Book Review: The Hare with Amber Eyes

“I no longer know if this book is about my family, or memory, or myself”, writes Edmund de Waal, “or [if it] is still a book about small Japanese things.”

‘The Hare with Amber Eyes’ is about all these things and more. It is a travel journal, a recent history of Europe and beyond, an observation on domestic life, a personal journey of discovery. And, of course, it is about the netsuke – de Waal’s inherited collection of miniature carved Japanese figures, hundreds of them that have been handed down through generations of his family.

We travel with de Waal as he unravels his ancestral history, each chapter connected by this unassuming collection of small curiosities. Through exquisitely detailed description, we’re transported to Paris, Vienna, Japan and Odessa, meeting the new owners of the netsuke and the worlds they find themselves a part of.

De Waal engages and delights with his linguistic portraits of the artistic and hedonistic lifestyles of the Parisian elite, the equally enigmatic Viennese, and the elegant simplicity of the Japanese. He parallels this sharply with the political, social and personal turmoil of two world wars, which impact on the generations of his family and the places they have come to call home in different but equally distressing ways.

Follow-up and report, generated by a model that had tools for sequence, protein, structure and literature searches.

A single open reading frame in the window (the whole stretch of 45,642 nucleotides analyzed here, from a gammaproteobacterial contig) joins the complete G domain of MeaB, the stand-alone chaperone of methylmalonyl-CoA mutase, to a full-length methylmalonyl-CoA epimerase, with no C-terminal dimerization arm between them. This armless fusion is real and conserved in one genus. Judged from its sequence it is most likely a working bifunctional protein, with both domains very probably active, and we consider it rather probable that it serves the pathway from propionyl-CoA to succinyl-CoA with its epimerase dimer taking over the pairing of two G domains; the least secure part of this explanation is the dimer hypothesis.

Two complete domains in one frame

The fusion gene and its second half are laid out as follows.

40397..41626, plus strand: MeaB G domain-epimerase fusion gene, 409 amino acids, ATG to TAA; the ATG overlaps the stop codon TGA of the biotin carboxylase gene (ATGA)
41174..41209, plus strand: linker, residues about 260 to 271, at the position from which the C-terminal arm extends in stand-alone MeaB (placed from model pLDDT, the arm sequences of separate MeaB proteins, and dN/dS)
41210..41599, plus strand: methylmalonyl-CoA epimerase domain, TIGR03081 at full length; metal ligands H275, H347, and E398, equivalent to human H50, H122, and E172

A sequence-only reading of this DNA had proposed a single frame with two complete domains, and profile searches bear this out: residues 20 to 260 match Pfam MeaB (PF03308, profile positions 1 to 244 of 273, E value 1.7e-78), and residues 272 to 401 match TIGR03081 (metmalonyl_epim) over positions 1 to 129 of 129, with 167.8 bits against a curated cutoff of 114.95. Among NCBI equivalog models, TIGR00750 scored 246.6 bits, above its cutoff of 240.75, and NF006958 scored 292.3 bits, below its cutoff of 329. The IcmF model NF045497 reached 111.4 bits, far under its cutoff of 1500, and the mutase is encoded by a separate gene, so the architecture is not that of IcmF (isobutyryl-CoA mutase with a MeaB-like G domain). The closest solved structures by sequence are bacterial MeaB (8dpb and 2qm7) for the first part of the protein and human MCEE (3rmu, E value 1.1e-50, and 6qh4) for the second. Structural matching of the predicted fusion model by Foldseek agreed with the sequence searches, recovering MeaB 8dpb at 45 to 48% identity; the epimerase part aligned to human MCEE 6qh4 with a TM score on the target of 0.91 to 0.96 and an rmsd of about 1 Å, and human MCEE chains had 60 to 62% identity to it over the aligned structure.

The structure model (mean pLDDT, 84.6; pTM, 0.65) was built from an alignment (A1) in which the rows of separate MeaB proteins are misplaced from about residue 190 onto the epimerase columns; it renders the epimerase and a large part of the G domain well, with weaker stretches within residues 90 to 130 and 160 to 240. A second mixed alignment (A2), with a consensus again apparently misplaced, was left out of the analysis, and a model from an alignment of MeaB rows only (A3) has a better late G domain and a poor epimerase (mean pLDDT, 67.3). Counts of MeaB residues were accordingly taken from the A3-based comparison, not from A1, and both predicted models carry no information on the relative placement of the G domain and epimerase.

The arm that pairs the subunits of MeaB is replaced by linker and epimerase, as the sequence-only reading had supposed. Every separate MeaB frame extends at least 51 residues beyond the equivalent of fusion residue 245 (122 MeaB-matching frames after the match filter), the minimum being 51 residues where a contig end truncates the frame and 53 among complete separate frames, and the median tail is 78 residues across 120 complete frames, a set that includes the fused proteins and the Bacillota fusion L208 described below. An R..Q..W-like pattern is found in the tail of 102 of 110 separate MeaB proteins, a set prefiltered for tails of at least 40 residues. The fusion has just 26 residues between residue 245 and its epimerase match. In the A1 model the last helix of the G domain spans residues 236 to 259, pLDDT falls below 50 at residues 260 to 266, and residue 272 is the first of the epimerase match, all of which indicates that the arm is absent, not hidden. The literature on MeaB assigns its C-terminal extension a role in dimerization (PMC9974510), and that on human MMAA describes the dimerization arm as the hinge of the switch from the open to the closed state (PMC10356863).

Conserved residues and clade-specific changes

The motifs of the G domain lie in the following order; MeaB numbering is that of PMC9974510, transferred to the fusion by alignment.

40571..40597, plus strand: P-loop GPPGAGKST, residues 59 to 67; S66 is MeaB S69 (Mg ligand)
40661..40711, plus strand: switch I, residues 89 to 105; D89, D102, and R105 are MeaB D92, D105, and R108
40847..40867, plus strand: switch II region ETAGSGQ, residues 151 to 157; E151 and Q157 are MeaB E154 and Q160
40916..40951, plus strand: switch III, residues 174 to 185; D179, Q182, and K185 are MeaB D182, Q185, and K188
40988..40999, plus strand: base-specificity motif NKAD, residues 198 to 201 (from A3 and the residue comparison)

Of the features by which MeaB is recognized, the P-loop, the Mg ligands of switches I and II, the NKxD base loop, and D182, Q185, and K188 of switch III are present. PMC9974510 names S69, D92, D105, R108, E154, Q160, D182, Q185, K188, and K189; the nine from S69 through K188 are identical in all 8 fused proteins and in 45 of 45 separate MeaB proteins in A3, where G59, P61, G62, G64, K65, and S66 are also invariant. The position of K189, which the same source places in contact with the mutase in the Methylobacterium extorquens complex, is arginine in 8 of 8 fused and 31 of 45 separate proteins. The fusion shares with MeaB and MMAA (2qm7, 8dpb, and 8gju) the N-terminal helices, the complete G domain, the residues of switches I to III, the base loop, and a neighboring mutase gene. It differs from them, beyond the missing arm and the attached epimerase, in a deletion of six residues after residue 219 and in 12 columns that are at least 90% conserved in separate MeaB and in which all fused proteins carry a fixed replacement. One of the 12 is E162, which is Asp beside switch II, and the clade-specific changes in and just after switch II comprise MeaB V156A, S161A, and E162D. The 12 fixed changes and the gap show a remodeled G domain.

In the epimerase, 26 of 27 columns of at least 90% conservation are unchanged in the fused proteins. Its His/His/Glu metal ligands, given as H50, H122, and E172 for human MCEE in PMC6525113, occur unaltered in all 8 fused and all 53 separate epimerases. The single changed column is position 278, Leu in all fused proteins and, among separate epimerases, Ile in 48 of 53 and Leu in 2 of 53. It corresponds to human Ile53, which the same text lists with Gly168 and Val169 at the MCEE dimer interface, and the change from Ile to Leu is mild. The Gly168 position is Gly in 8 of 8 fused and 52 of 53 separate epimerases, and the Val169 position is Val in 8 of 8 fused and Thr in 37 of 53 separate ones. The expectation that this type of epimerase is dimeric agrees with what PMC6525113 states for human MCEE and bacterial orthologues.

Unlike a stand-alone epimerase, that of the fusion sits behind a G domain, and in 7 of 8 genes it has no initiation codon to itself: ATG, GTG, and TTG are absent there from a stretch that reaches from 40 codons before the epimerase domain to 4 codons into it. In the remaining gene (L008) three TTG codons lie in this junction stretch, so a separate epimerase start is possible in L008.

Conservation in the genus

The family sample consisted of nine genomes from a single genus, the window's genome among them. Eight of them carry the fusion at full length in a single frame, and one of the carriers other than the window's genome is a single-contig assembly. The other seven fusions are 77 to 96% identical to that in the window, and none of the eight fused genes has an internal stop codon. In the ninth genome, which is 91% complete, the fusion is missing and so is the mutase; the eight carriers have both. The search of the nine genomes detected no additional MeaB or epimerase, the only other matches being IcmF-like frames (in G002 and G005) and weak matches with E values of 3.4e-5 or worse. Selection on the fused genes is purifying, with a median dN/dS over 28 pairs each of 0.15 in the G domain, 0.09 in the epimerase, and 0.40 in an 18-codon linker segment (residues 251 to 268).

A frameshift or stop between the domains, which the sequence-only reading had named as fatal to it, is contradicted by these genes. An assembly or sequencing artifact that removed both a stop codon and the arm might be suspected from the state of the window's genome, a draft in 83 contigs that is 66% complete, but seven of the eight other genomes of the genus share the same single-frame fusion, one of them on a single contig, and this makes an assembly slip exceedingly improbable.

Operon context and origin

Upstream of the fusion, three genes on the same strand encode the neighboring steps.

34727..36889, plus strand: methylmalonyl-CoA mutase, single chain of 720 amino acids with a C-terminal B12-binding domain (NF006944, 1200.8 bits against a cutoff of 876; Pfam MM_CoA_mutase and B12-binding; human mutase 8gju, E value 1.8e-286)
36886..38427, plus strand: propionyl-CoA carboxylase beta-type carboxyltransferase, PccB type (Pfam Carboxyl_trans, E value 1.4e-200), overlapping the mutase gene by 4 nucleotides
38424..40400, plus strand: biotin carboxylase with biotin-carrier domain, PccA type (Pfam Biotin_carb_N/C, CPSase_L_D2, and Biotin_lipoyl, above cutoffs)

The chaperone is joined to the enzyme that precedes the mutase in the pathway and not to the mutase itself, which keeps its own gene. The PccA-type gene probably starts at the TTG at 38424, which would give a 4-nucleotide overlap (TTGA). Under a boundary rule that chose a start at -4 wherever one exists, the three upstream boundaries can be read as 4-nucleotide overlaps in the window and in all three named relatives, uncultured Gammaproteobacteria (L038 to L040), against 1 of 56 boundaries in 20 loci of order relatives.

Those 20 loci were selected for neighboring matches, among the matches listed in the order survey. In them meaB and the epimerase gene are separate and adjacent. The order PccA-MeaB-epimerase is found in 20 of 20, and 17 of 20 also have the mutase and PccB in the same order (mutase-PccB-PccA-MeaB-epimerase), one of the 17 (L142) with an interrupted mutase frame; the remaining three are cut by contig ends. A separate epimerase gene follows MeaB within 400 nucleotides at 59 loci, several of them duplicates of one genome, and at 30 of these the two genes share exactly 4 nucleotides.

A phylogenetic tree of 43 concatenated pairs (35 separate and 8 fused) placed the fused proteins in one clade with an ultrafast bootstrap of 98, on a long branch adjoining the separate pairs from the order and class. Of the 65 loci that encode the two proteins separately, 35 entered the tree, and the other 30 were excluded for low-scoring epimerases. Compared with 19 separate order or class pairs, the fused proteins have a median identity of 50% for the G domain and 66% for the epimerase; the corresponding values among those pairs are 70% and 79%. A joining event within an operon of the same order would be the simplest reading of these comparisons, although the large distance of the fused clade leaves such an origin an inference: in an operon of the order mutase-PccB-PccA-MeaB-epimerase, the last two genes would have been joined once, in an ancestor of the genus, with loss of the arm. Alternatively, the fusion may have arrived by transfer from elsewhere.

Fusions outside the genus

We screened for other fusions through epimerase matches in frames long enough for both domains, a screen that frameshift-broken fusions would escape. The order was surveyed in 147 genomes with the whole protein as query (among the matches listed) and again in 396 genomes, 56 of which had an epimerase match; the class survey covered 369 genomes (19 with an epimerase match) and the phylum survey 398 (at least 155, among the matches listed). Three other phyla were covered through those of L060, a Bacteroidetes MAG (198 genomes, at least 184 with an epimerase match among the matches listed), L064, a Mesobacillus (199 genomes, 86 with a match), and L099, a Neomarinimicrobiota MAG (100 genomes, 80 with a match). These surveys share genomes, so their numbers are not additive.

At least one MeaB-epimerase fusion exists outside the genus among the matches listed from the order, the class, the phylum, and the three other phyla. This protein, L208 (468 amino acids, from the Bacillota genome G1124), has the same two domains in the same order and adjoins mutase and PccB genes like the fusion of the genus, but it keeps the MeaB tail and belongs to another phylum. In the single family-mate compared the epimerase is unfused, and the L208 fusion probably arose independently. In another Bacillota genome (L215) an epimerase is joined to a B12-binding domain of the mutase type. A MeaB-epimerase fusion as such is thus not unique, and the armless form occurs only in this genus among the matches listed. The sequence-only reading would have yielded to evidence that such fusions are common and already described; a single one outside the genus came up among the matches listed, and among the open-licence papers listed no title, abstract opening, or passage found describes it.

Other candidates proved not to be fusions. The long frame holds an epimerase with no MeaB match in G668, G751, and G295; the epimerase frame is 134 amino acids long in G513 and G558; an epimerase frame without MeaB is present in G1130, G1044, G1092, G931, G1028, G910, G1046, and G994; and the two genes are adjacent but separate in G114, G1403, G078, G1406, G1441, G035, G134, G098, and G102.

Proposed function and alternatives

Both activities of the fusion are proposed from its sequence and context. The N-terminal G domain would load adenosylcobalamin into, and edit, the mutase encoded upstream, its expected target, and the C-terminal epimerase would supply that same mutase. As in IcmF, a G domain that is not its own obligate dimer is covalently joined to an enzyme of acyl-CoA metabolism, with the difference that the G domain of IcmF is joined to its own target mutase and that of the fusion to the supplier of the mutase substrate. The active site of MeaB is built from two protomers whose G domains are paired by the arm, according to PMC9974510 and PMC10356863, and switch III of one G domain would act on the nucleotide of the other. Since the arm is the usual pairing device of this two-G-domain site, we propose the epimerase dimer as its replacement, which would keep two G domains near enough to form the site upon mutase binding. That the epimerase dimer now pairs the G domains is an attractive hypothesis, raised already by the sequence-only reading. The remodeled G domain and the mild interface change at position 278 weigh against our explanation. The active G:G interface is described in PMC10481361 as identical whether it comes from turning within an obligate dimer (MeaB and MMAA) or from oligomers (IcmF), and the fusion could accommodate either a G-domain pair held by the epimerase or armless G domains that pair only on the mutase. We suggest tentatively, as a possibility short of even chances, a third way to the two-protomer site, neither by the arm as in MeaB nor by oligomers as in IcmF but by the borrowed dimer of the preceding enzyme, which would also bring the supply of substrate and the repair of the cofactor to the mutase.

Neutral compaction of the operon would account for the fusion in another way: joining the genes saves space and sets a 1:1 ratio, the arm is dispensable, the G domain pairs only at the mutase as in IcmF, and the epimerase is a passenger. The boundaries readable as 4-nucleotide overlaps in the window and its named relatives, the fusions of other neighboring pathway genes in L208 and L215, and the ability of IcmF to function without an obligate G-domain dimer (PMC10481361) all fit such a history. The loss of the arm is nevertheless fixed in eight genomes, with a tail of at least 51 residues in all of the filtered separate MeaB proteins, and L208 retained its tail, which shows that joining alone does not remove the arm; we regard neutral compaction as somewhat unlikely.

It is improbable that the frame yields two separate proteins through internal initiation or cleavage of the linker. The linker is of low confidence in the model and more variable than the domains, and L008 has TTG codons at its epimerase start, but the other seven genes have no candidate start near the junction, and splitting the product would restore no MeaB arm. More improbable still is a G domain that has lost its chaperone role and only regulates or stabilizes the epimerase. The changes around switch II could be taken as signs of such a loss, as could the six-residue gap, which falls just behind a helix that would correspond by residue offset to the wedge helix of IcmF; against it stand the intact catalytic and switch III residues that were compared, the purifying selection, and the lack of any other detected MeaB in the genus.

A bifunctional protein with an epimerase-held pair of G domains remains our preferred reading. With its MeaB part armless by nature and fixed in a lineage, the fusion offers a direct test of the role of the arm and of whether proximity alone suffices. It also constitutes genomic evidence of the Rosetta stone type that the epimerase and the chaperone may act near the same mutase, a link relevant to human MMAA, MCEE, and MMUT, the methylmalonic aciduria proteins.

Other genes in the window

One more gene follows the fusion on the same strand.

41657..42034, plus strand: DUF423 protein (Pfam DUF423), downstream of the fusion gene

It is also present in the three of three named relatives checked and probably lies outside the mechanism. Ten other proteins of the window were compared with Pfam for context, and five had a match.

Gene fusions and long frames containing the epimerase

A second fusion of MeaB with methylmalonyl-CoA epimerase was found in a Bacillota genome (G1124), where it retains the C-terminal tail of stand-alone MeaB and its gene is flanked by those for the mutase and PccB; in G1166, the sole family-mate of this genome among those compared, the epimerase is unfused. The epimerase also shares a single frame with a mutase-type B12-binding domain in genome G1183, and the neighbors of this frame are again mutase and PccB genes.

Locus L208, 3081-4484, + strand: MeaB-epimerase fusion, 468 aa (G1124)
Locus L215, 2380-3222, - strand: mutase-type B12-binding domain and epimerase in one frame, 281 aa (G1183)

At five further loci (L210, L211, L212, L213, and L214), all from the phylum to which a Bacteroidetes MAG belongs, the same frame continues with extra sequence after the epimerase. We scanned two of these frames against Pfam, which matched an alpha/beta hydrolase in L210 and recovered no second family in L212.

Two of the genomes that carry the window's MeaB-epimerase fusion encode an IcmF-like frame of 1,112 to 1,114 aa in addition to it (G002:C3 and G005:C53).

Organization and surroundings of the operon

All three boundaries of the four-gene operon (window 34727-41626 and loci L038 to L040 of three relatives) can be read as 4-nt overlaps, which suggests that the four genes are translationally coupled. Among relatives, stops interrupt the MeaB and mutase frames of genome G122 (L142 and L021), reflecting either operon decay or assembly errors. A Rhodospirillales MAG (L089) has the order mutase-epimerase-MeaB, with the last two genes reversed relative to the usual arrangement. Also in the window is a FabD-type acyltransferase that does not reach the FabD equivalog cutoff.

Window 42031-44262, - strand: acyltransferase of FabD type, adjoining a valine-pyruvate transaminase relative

While the descriptive brilliance of de Waal’s narration sets a certain distance between himself and his content, there is unquestionably a heightened sadness to the stories knowing they happened to de Waal’s family – stories which have only come to light through his research and travels.

While the netsuke are small and may seem an insignificant subject on which to write a book, they prove to be the foundation of an incredible tale. “People have always given gifts. It is how you tell their stories that matters.” – Edmund de Waal


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